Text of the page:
In his recent NY Times piece reflecting on Michael Lewis’s book Flash Boys, columnist David Brooks distinguished between cultures of knowingness and knowledge. According to Brooks, knowingness is motivated by getting just enough information as you need to do your job and an eagerness to project an image of mastery and omniscience. Knowledge, on the other hand, is driven by a deep desire to understand.
Knowledge, he writes, is filled with pleasure and moral power. “Long and inefficient,” it leads to novel questions and unanticipated, transformational responses.
Knowingness inspires us to exploitation and corruption.
I have no doubt that these conflicting ways of approaching the world will seem seem familiar to those of us who are more focused on education than Wall Street.
I thought about this contrast at last week’s meeting of the Opal School Mentorship Program. Members were reflecting on what they observed in classrooms that morning. One person talked about the “teacher engagement” she witnessed. It was an expression that I hadn’t heard before. Over the years, I’ve often heard people talk about “student engagement.” In some classrooms I’ve visited, I’ve wondered if people were conflating engagement with compliance; if sitting quietly was being confused with thinking.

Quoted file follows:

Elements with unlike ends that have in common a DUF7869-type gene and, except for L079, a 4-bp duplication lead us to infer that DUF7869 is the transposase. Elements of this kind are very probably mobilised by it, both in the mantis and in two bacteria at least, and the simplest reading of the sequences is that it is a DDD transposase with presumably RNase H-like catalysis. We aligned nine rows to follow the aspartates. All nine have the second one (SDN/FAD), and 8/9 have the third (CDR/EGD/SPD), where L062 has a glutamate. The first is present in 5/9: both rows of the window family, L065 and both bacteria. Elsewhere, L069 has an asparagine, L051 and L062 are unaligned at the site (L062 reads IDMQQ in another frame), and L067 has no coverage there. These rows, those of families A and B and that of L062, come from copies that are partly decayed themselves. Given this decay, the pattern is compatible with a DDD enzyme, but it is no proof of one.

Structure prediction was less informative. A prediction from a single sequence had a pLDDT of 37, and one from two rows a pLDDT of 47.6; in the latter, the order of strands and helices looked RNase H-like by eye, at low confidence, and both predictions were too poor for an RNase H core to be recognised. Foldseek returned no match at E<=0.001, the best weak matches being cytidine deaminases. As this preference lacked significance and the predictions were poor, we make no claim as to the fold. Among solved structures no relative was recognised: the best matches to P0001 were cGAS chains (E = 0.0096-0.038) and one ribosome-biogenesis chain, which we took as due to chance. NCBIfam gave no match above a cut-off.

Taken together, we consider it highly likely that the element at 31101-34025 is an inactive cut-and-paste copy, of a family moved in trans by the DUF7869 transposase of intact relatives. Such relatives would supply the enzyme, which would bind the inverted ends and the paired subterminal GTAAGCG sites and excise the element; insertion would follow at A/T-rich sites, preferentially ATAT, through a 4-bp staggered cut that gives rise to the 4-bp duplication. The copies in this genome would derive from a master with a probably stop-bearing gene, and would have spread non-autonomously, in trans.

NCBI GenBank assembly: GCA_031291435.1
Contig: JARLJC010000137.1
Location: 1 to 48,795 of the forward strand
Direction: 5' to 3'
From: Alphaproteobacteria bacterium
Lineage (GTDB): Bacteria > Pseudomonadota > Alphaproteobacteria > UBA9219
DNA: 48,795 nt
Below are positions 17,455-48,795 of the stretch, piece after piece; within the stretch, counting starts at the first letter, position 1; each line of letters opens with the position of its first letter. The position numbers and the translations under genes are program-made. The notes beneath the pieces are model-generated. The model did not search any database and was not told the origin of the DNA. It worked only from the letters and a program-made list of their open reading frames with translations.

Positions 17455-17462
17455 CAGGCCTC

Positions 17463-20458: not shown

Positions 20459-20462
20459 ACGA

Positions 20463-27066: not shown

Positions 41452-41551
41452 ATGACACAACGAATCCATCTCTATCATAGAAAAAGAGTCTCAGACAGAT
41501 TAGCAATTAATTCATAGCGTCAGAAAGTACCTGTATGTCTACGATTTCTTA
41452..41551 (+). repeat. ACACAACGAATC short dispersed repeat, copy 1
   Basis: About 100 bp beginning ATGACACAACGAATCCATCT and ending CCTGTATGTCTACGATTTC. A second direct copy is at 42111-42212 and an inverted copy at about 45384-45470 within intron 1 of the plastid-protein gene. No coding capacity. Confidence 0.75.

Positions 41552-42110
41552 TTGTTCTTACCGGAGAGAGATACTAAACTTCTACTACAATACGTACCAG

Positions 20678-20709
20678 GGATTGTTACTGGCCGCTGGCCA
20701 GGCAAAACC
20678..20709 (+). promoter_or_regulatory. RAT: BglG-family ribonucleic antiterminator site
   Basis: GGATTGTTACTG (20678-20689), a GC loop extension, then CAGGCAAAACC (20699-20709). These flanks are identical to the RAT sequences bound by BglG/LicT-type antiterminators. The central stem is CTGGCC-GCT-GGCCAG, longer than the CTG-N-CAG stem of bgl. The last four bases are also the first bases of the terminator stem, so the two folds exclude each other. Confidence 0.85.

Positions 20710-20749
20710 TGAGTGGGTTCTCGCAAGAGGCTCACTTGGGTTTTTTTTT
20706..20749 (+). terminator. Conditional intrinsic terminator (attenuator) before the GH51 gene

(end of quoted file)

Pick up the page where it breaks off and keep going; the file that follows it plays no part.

That muddying of terms feels different when it comes to teacher engagement. A teacher who is being compliant doesn’t look anything like a teacher who is engaged.
I was directed again to teachers’ pursuit of “knowledge” over “knowingness” when listening to former Opal School teacher Zalika Gardner’s talk this weekend at TedXPortland. She spoke about how we transcend obstacles of assumption, arrogance, and fear when we ask children (and all people, really) questions we don’t know the answers to and listen carefully to the answers.
An engaged teacher is motivated by the same pleasure of curiosity as a truly engaged student.
So, I want to hear: What encounters are sustaining your curiosity? What systemic conditions are invigorating that quest for understanding? How can we foment that change beyond our school walls in transformational ways?